Monitor for Asbestos to Help Save Lives

Monitor for Asbestos to Help Save Lives

Ensure your worksites are asbestos free.

Occupational asbestos exposure impacts more than a million Americans each year.1 Once hailed a “wonder material,” asbestos served a central role in American commercial product manufacturing and construction throughout the 20th century because of its electrical insulating and heat resistant properties. Today, it is recognized as a carcinogen and hazardous substance that takes2

Left alone, the material is not harmful, but once disturbed or disintegrating, it can release asbestos fibers that infiltrate and progressively damage the lungs. The damage can take decades to develop, often well into retirement and old age. Tragically, by the time lung diseases such as mesothelioma are diagnosed, it is often too late for effective treatment and proves fatal.

A Complete Asbestos Ban has yet to be passed in the U.S.  

Despite a general ban by the United States Environmental Protection Agency (EPA), a complete asbestos ban has yet to be passed in the U.S. Asbestos can still be found in older homes, industrial properties and certain products. There are numerous regulations in place at state and federal levels to protect Americans from exposure. A partial ban on asbestos was passed in 1989, however, many of the regulations were overturned and it is still legal for some products to contain up to 1 percent of (chrysotile) asbestos.3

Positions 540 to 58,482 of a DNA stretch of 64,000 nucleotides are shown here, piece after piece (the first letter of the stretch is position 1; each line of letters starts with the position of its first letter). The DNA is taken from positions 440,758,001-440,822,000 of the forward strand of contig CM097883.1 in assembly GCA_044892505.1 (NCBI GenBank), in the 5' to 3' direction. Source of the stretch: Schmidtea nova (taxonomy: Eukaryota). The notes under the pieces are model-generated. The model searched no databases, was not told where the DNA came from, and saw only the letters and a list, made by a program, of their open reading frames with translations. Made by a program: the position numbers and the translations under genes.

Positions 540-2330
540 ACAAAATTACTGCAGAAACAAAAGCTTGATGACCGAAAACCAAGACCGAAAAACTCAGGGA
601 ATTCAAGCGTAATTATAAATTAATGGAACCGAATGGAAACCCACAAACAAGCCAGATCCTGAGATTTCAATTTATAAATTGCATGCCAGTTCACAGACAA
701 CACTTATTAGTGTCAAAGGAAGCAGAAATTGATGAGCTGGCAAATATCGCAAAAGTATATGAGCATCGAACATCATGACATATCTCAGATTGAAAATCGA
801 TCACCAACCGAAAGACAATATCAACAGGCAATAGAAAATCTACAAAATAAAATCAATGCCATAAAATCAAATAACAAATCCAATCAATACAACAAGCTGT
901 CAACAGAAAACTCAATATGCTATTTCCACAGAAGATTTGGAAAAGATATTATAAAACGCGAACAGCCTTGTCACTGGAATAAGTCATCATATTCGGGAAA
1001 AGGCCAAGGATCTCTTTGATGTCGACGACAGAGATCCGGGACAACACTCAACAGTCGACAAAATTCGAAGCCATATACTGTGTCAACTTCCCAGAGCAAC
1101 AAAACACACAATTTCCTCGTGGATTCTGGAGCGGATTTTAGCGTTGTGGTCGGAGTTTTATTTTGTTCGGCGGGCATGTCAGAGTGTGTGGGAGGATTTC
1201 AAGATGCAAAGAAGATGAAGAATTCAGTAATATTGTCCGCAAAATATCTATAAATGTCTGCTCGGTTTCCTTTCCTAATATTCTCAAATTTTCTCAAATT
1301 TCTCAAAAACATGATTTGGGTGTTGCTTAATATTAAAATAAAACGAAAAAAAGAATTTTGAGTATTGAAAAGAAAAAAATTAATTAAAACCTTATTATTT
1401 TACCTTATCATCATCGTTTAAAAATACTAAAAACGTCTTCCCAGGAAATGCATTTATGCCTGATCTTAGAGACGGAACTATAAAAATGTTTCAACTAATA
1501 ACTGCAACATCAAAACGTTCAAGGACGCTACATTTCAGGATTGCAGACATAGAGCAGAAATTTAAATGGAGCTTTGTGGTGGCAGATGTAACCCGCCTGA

Whenever asbestos is known to be present, it is a legal requirement for licensed contractors to remove the hazardous material following strict regulations and guidance to limit the potential release of dangerous, airborne fibers. The guidance, depending on national practice, typically includes personal air sampling and/or static air sampling to ensure that there is no exposure during remediation work or during the cleaning and clearance processes at a removal site.

Asbestos monitoring has the power to save lives, but only when carried out correctly.

Following Best Practice  

The asbestos clearance process tends to involve a preliminary check of the site condition and job completeness, a thorough visual inspection inside the enclosure or work area, air monitoring to gather samples for laboratory analysis and a final assessment of the post-enclosure or work area following dismantlement. Using remote methods to support sampling, such as Bluetooth and a mobile phone app, will help to protect personal exposure safety while gathering the necessary measurements. Licensed contractors may also take samples before work is undertaken to establish a background level measurement. Conducting a test before disturbing any construction materials could save thousands of dollars on decontamination and environmental cleaning fees and help to avoid exposure. Additionally, trained professionals may take samples during work on or near asbestos to confirm that there is no leakage from the enclosure.

Legal requirements will differ depending on the site, for example, OSHA sets specific regulations for several industries, including manufacturing, shipyards and construction. The Asbestos Hazard Emergency Response Act (AHERA), on the other hand, was created by the EPA to address asbestos found in schools and other learning facilities.